Growth Trends for Related Jobs
Jobs That Use Graphing
A graph is a visual representation of data -- it’s the old concept that a picture is worth a thousand words. Graphs can be used for statistical analysis, to make complex mathematical concepts easier to understand,and to compare progress or relationships such as percentages. Although many professionals use graphs in their work, science and mathematical occupations use graphs extensively.
Statisticians Have Data
Statisticians specialize in the use of statistical methods to help businesses solve problems, provide data to answer specific questions or analyze data from surveys and studies. They use graphs, tables, charts and other visual representations of information to analyze information or communicate their findings to others. A statistician might have anything from a bachelor’s degree to a doctorate, usually in statistics, mathematics or survey methodology. Independent research typically requires a doctorate, according to the U.S. Bureau of Labor Statistics. The field is projected to grow 27 percent from 2012 to 2022, more than twice as fast as average, according to the BLS. The BLS notes the median annual salary was $75,560 in 2012.
Atmospheric scientists study weather, climate and the relationships between atmospheric activity and human activity. They use computer models and simulations to represent weather data, which can include graphs of information such as temperatures, precipitation or other meteorological data. A bachelor’s degree in meteorology or a closely related science is the minimum requirement, although a master’s degree or Ph.D. is typically required for research. Atmospheric scientists might specialist in atmospheric chemistry, physics, meteorology, climatology or weather forecasting. Job growth will be slightly slower than average at 10 percent from 2012 to 2022, according to the BLS. Atmospheric scientists earned a median salary of $89,260 in 2013, according to the BLS.
Graphing Medical Research
A researcher in medical science will often use graphs to communicate the results of clinical trials, population-based studies on disease or connections between life habits and diseases such as diabetes or cancer. Medical informaticists are particularly likely to use large data sets and statistical analysis. Medical scientists typically specialize in a field such as cancer research, gerontology, pharmacology, immunology or neuroscience. A Ph.D. or medical degree is commonly required, and some medical scientists have both. This occupation is projected to grow at 10 percent from 2012 to 2022, and the BLS reports the median annual salary was $76,980 in 2013.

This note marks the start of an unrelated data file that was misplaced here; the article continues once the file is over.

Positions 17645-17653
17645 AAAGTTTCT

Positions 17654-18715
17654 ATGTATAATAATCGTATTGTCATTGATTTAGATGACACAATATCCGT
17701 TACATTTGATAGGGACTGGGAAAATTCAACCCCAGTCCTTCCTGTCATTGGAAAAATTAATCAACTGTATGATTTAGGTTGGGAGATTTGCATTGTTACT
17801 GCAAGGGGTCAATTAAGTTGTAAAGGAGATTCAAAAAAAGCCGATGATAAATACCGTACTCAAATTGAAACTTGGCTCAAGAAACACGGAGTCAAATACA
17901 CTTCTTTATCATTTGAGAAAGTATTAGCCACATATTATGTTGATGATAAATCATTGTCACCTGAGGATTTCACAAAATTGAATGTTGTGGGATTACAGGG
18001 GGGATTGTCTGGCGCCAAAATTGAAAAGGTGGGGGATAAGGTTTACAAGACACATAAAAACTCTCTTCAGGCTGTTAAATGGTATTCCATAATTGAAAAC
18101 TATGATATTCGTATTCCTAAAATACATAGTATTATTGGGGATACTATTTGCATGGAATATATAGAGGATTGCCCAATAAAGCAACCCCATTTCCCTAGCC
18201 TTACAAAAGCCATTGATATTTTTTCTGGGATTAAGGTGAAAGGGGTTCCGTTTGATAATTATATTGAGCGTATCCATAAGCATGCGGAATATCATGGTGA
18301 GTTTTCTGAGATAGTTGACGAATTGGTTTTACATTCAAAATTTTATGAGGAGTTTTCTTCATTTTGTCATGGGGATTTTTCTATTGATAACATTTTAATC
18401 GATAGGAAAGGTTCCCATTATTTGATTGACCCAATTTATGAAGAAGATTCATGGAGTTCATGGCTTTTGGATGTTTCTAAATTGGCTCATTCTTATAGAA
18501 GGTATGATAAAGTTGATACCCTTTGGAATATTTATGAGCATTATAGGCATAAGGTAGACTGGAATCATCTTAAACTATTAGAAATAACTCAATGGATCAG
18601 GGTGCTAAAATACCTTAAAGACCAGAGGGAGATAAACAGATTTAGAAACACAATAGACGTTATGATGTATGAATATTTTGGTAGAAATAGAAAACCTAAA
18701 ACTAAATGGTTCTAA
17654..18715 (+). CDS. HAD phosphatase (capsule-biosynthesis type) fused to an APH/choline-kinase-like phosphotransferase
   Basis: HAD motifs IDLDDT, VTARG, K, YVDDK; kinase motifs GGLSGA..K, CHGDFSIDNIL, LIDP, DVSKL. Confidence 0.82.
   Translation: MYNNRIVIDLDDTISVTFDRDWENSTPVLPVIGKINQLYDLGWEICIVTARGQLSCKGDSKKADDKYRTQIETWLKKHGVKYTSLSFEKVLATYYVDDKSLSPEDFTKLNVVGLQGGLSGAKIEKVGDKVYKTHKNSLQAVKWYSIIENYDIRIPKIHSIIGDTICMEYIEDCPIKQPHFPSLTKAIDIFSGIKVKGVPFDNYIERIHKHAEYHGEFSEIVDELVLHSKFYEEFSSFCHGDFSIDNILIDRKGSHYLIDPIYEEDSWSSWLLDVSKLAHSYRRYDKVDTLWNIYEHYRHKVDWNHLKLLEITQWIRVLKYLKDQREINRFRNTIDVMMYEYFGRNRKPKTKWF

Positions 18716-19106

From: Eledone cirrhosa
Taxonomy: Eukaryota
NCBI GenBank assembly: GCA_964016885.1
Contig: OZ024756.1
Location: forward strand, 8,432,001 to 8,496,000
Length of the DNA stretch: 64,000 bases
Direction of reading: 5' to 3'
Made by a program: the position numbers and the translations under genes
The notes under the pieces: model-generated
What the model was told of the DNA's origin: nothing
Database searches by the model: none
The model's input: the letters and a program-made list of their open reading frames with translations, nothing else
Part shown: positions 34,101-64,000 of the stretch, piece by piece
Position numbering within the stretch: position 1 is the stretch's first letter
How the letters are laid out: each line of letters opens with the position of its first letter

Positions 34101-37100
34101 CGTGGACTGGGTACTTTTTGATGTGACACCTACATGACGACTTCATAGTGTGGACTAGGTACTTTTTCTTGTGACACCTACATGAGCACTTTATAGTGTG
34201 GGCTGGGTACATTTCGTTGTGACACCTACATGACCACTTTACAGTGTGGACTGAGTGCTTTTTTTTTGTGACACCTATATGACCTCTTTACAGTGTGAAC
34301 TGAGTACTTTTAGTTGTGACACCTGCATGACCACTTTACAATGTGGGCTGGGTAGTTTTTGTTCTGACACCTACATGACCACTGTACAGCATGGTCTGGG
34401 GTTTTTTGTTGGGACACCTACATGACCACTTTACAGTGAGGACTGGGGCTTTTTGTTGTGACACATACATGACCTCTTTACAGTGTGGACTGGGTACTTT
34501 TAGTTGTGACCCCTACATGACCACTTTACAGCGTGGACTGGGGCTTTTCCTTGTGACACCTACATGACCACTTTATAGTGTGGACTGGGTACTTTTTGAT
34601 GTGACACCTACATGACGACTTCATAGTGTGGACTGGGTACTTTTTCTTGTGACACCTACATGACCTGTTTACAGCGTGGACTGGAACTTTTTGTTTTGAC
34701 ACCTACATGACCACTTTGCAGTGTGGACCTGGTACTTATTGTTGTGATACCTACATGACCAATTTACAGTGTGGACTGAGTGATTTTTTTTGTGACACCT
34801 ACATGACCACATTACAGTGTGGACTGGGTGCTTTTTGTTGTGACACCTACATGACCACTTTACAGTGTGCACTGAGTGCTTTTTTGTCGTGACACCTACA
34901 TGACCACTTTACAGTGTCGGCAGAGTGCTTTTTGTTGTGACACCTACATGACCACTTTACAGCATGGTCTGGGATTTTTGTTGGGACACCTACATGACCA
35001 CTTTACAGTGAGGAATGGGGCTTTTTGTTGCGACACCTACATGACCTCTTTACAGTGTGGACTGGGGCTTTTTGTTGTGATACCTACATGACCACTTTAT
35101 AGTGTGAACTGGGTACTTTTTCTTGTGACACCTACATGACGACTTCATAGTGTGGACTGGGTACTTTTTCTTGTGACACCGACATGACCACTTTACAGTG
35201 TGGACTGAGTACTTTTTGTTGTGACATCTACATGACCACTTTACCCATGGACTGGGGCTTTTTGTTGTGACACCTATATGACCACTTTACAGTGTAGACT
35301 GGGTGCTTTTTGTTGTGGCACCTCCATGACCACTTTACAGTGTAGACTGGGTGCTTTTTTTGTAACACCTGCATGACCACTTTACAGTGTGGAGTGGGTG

Like statisticians, actuaries use mathematics and statistics in their daily work. An actuary’s focus, however, is to calculate and mitigate risk. Actuaries are an essential part of the insurance industry, where their graphs are used to demonstrate probabilities, costs and other statistical data related to risk. They might specialize in health, property, casualty or life insurance. A bachelor’s degree is the minimum educational requirement. Most actuaries are certified in their specialty. Pension actuaries also must be enrolled with the U.S. Department of Labor and U.S. Department of the Treasury’s Joint Board for the Enrollment of Actuaries. Although it is a relatively small profession, job growth is projected at 26 percent by the BLS from 2012 to 2022. The median annual salary for actuaries in 2013 was $93,680.
Beth Greenwood is an RN and has been a writer since 2010. She specializes in medical and health topics, as well as career articles about health care professions. Greenwood holds an Associate of Science in nursing from Shasta College.